The whole point of free speech is not to make ideas exempt from criticism but to expose them to it.

Friday, July 17, 2009

Rights schmites.

Interesting discussion on Blogmore.

Even as Kevin decides to scold a few people
for "highjacking" a thread (me included) the
ensuing conversation was much more interesting
to me than yet another discussion about whether
or not Sotomayer is has "outgrown" her racism
or whatever it was Kevin was trying to say.

The interesting sub-thesis for me
was the origin of rights.

It's hard to tell whether the Aldo character
thinks the Constitution creates rights or not
so I've invited him and "Poplicola" to come
clarify it here. Hopefully, they will.

I of course maintain that the Constitution doesn't
create rights at all. Rather it merely protects, limits or
eliminates existing a priori ones (the endowment
if you will.)

Liberty to me is fundamental. Axiomatic.

That's why I challenged Aldo's "wholecloth"
assertion regarding the fabrication of a "right
to privacy. What do you think, dear readers?

BTW, I notice Sotomayer is running ahead 43% to 26%
with the rest in various postures of disgust,
patience, and tear-down-the-walls obstructionism
in our ridiculously unscientific poll at right.

As should be, I suppose.

After all, this IS South Dakota.

Where seldom is heard a discouraging word.

C'mon. Talk ta me.



All participants in the Blogmore "hijack"

have fessed up. "Poplicola" leaves the argument

with the following question:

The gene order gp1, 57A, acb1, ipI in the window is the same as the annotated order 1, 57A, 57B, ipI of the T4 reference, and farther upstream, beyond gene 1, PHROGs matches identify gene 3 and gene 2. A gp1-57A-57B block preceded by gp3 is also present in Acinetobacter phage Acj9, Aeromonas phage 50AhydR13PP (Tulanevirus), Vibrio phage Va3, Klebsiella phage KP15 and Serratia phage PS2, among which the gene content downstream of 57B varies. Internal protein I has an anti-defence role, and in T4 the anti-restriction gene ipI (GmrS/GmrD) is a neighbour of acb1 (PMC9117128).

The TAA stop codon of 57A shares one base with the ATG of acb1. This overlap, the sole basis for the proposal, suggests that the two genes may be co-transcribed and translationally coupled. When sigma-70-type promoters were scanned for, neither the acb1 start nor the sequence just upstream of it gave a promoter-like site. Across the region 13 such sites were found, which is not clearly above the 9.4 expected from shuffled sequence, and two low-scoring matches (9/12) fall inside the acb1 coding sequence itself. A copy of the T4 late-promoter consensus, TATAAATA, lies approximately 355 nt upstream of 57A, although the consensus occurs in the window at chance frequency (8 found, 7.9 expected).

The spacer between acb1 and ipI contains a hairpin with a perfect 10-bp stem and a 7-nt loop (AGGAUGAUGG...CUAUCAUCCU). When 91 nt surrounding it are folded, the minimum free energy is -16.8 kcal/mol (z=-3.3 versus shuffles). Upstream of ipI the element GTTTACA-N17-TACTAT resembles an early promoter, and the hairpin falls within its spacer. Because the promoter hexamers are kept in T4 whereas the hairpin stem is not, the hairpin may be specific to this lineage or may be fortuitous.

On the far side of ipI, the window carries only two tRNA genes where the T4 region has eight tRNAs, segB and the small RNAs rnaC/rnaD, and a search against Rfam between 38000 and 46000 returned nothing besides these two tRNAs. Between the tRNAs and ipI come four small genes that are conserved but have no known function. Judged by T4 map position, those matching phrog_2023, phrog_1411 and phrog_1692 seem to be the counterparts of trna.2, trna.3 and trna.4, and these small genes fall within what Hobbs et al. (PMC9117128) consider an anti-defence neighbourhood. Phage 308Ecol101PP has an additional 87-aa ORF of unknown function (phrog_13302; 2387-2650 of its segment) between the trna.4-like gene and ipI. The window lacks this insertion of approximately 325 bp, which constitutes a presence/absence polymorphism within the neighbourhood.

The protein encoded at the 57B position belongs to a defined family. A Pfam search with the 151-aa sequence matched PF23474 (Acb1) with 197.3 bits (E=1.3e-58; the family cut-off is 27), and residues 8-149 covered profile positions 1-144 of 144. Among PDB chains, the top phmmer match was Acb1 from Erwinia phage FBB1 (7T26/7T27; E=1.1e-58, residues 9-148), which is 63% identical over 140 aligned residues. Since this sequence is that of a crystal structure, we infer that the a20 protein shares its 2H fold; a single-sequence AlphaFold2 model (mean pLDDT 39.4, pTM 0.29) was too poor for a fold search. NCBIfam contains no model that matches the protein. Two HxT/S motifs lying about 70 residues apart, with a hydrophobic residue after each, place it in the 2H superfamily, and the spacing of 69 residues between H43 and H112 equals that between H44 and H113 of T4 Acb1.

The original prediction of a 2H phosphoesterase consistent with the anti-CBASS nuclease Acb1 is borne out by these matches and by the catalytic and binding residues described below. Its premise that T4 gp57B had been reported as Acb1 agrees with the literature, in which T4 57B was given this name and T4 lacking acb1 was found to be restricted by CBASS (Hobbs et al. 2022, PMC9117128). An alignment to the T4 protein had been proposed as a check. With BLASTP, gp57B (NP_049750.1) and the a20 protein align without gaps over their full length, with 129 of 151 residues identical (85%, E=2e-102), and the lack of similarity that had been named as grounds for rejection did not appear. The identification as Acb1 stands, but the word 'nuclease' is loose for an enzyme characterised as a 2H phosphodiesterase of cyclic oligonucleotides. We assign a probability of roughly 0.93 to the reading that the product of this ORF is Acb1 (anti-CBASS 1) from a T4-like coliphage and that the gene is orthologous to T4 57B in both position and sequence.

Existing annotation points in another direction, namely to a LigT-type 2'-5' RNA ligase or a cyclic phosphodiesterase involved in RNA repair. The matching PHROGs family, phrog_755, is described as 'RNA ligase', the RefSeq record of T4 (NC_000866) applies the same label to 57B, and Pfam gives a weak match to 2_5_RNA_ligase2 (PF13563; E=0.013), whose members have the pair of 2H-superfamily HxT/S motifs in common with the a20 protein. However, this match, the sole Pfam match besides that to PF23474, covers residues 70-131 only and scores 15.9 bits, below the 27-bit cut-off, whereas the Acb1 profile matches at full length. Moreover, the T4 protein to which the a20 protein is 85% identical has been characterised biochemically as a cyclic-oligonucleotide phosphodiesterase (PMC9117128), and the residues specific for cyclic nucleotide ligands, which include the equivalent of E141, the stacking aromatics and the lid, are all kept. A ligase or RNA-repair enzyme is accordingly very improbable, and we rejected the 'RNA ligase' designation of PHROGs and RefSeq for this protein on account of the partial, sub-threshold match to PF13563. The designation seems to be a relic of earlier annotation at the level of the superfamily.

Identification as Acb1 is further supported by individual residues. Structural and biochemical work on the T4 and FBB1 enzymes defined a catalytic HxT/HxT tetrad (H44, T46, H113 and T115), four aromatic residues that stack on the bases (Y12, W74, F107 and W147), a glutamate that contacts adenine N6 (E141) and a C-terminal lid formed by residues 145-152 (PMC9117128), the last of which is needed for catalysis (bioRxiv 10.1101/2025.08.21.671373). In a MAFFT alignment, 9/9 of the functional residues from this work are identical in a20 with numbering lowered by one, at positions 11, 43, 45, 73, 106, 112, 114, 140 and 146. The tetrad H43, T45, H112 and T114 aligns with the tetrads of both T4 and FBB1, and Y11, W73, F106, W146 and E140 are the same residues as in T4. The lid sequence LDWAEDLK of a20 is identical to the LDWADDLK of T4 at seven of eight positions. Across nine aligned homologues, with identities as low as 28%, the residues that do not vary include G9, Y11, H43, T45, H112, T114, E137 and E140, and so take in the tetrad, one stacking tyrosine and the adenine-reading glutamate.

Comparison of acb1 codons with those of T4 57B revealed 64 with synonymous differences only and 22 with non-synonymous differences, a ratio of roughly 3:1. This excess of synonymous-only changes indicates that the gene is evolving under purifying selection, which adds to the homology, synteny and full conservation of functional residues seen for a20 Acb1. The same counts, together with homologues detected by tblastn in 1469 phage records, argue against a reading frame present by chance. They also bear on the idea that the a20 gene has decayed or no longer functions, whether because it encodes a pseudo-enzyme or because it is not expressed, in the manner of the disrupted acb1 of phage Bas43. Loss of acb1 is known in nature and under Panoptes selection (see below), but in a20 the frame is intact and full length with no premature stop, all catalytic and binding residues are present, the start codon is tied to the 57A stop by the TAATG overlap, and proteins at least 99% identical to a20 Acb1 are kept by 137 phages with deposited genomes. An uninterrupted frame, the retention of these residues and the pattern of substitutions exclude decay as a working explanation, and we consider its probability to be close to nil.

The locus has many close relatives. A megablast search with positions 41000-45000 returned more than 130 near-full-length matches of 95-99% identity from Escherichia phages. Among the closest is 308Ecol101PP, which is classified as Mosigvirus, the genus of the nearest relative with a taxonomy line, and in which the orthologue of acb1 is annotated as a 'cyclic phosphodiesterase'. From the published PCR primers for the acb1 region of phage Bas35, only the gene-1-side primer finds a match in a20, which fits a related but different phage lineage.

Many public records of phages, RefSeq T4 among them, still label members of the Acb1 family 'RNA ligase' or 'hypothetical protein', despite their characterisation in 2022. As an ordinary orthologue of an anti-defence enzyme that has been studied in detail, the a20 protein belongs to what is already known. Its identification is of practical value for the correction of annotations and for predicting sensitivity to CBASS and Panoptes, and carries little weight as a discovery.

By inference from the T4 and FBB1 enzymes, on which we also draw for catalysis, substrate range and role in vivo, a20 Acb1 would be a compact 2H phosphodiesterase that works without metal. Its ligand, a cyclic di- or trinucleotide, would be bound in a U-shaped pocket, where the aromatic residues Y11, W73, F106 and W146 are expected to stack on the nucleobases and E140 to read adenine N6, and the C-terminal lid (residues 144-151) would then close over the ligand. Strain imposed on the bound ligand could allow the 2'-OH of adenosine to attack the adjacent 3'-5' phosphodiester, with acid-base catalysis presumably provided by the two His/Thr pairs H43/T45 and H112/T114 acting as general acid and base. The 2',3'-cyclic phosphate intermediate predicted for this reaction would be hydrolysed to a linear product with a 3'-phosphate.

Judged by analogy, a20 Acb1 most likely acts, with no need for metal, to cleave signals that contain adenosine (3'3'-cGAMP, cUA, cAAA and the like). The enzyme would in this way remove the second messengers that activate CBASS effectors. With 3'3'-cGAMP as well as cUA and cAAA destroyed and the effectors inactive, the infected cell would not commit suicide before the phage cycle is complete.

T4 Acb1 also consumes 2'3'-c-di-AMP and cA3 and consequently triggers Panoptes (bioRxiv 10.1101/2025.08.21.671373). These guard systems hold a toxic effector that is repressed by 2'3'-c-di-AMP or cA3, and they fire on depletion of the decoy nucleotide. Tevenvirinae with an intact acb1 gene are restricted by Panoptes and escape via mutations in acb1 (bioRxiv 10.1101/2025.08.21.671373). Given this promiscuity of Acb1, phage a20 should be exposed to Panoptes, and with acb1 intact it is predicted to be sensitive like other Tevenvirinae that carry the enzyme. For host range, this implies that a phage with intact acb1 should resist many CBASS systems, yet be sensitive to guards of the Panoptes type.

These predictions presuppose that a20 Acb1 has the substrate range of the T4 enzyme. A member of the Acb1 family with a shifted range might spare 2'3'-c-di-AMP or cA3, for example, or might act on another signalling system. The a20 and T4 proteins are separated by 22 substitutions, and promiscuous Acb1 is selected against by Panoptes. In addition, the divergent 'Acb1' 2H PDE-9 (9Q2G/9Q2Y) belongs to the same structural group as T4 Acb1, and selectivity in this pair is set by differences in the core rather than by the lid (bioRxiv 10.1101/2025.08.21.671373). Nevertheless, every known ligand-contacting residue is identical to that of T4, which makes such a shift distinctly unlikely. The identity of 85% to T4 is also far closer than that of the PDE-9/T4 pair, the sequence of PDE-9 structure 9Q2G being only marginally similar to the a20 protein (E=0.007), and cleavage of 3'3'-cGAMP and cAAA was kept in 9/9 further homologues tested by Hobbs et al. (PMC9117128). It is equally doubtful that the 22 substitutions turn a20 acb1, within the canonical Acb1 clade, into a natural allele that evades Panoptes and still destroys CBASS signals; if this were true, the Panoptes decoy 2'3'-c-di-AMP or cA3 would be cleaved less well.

Since this is very hard for you, I’ll help break it down

into very understandable parts for you:

Do you think the following statement is true:

For every right, it can be said that right either

is or is not found in the US Constitution?


The floor is yours, people.


lexrex said...

bf, could you explain your comment: "the Constution doesn't
create rights at all. Rather it merely protects, limits or
eliminates existing a priori ones (the endowment
if you will.)"

how exactly are those rights "endowed?" who's to say that i had a right to liberty, for instance, even before or without a constitution?

Bob Newland said...

"We hold these truths to be self-evident, that all men are created equal, that they are endowed by their Creator with certain unalienable Rights, that among these are Life, Liberty and the pursuit of Happiness."

So saith the foundin' fathers.

Bob Newland said...

Of course, at the time the assumption of the derivation of rights was written by the foundin' fathers, Indians not taxed were excluded from consideration as "men" and a "non-free person" was considered only 3/5 of a "man."

Bill Fleming said...

First, lexrex, thanks for showing me my typo on the word "Constitution." I've made the correction.

Next, see the post above this one. The answer is, as I understand it, axiomatic, ie. self -evident, much like Euclid's Postulates, which are the foundation for plane geometry, or the axioms of modern mathematics,

Call it the Creator, or Consciousness, or Reason or Cognition, or Nature, or Nature's God, or Higher Power. Whatever. That's part of what I want us to discuss.,post.html

Neal said...

The idea that the Constitution creates rights doesn't make a lot of sense, for it presumes that certain rights did not exist prior to the establishment of our government.

A piece of paper can't create a right.